I hope to return, to visit, to see the southern parts I haven’t yet explored. Alaska is wild and gigantic and oh do I love the quiet, the winters, the dim and hush and heaps of snow. I also hope to finish my MFA eventually, either here from afar or with a physical return–maybe–if either of those options are at some point possible, I wish they could be possible. Or I might seek an MFA elsewhere, because, though I know all the more an MFA isn’t necessary for me, it’s something I want to complete, something that intrigues. And really? Teaching college-level is gold. Everyone said freshmen comp would be torture and, yeah, sometimes it is, but it’s the best job I’ve had. Can I just write and teach, please (minus the grading)?

So, another 3000 mile roadtrip awaits in May. Through the Yukon into British Columbia, back down the West Coast. A month at my parents’ house in California. And then. Well. Utah–a place I never thought I’d move to but a state that has always been a home and will offer me a house and a place to see the doctors I so need to see and recover from these incredible past 15 months and visit my grandpa regularly because he’ll finally be so near and write, write, write The Next Book and edit NOTHING LEFT TO BURN and maybe start sorting out my ultimate grad school intentions (technically, I’ll still be a student here at UAF–only on leave) and prep (job search) for what will maybe be a move up to Washington (though I already was offered a teaching gig up there, but hey… Utah is happening!).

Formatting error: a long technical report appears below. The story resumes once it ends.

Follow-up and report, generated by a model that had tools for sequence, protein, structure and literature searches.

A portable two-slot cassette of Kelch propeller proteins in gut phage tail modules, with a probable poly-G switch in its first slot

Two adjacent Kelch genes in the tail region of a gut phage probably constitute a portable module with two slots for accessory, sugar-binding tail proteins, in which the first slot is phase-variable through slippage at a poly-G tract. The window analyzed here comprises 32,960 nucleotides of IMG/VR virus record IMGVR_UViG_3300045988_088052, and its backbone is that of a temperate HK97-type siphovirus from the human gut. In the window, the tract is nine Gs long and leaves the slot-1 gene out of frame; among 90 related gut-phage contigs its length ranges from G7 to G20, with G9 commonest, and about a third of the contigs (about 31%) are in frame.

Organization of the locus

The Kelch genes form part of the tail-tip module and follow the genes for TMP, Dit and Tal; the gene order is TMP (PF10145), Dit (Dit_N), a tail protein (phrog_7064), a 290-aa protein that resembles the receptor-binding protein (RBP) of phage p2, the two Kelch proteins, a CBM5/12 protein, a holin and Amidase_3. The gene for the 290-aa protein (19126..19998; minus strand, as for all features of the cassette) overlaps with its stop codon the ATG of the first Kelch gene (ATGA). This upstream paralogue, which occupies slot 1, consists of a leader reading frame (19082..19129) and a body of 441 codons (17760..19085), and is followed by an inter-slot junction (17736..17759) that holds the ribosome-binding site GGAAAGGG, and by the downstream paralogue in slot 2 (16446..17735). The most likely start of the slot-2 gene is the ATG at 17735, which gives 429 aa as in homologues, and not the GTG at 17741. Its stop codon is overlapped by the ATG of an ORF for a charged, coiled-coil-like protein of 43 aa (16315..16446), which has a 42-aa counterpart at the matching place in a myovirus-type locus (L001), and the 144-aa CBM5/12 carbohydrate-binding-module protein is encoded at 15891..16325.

I do love moving. I do. How many moves has this blog seen me through?


I must say this: I’m so happy I came to Alaska. I’m so happy I flew up the day after sending the I Must Defer email because, hell, non-refundable ticket. I’m so grateful I met the people I did during that two-day visit. So happy I decided to cut the deferral short and move up only 4 months later, even if it’s ending with me leaving the program early (though this isn’t really the end, is it?). That I pushed and pushed and pushed. That I was vulnerable. And I’m so lucky to have such incredible people in my life who have been patient and supportive and so understanding of all of this run around, trial, and hope on my end.

This place is in some ways magic but, right now, I’m ready to go. And I’m trying to say goodbye. It’s hard. I tend to look at the floor and isolate more leading up to a move. If you’re someone in Alaska and I do this, I’m sorry. I love you. I promise, I’m trying to say goodbye.